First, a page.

Mastering systems thinking in practice
Mastering systems thinking in practice

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Mastering systems thinking in practice

Week 7: Systems thinking approaches

Introduction

In Week 6 you were introduced to the historical landscape of traditions and disciplines that have influenced systems thinking in practice and looked at the ideas and work of five prominent systems thinkers. Some of these systems thinkers developed their practices and approaches to system thinking into formalised methods or methodologies. I can only begin to briefly cover one of these methods or methodologies in this week and experiencing this one and others will take you much more time than you have in this course. What I will do is explore what is meant by terms such as approaches, methods and methodologies and do so in part by comparing and contrasting two approaches to soft systems methodology in the wider applied systems tradition. If you look back at Figure 1 in Week 6 that outlined systems traditions you will not find the words ‘soft systems methodology’ used but you will be familiar by now with an underlying aspect that distinguishes different approaches to investigating systems which is about purpose and how systems are perceived.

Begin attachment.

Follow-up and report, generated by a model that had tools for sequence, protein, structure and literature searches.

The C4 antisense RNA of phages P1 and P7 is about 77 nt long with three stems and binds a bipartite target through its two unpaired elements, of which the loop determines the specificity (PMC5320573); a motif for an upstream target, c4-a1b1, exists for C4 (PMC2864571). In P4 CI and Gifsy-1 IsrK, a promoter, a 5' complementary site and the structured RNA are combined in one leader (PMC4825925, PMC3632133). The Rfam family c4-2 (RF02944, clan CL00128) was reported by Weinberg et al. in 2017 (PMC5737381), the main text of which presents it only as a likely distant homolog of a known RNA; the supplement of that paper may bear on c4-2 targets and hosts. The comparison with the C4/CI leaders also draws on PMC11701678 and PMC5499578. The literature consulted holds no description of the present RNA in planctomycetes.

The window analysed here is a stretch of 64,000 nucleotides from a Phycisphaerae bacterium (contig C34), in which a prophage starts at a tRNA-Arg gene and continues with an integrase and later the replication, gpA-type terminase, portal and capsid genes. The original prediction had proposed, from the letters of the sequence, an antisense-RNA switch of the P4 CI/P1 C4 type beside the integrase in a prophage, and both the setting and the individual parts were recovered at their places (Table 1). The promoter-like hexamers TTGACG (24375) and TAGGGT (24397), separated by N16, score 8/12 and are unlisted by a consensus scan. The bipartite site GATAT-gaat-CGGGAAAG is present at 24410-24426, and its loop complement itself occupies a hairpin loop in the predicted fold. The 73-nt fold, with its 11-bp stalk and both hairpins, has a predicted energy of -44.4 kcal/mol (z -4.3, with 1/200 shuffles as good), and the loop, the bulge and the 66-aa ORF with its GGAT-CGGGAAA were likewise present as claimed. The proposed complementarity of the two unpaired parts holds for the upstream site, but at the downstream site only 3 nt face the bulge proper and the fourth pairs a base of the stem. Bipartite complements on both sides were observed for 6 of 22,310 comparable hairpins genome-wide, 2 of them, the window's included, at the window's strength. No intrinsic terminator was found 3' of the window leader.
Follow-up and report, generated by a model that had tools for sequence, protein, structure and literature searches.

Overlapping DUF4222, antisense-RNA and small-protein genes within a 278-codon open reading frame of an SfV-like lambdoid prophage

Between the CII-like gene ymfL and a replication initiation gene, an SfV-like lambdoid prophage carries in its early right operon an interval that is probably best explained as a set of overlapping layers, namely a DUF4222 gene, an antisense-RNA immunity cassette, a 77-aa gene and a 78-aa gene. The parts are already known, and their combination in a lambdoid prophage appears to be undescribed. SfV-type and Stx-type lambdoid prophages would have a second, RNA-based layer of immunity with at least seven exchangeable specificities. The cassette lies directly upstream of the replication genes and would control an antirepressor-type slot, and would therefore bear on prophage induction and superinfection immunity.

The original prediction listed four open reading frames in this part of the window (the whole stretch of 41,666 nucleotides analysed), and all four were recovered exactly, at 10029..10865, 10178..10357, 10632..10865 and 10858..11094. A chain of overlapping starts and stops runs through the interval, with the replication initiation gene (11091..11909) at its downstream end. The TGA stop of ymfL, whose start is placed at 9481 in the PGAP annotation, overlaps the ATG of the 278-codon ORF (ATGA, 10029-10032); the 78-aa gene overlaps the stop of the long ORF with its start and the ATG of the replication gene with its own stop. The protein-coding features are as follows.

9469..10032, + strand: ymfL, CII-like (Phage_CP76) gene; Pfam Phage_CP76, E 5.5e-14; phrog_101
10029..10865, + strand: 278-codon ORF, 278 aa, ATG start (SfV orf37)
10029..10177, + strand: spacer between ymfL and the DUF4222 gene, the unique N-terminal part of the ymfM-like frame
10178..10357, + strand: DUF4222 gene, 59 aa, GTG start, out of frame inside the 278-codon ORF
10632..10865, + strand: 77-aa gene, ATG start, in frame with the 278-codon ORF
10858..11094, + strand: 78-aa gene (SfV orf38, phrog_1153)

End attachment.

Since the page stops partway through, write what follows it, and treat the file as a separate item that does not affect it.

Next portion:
Watch the following video which highlights the differences between systemic and systematic approaches to engaging with systems.

Download this video clip.Video player: mstp_1_video_week7_intro.mp4
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Transcript

ANDY LANE
An aware practitioner, having chosen to take a systems approach, will always face choices. One of the main choices is whether to formulate a system of interest as part of a process of understanding a situation experienced as complex-- a systemic process of inquiry-- or to see systems as operational parts of a taken-for-granted real world. This choice is depicted in the cartoon, which contrasts seeing the world as containing systems-- being systematic-- and seeing the process of inquiry or engaging with a situation as systemic-- being systemic. The systemic approach involves using systems thinking to construct an epistemological device as part of an inquiry process through which we can generate fresh and insightful explanations which trigger new ways of taking purposeful action in the world. Now you can learn more about the similarities and differences between systemic and systematic approaches.
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By the end of this week, you should be able to:

  • explain the role of methods, methodologies and approaches and tools, techniques and skills as applied to systems thinking in practice and exemplified by the soft systems methodology.
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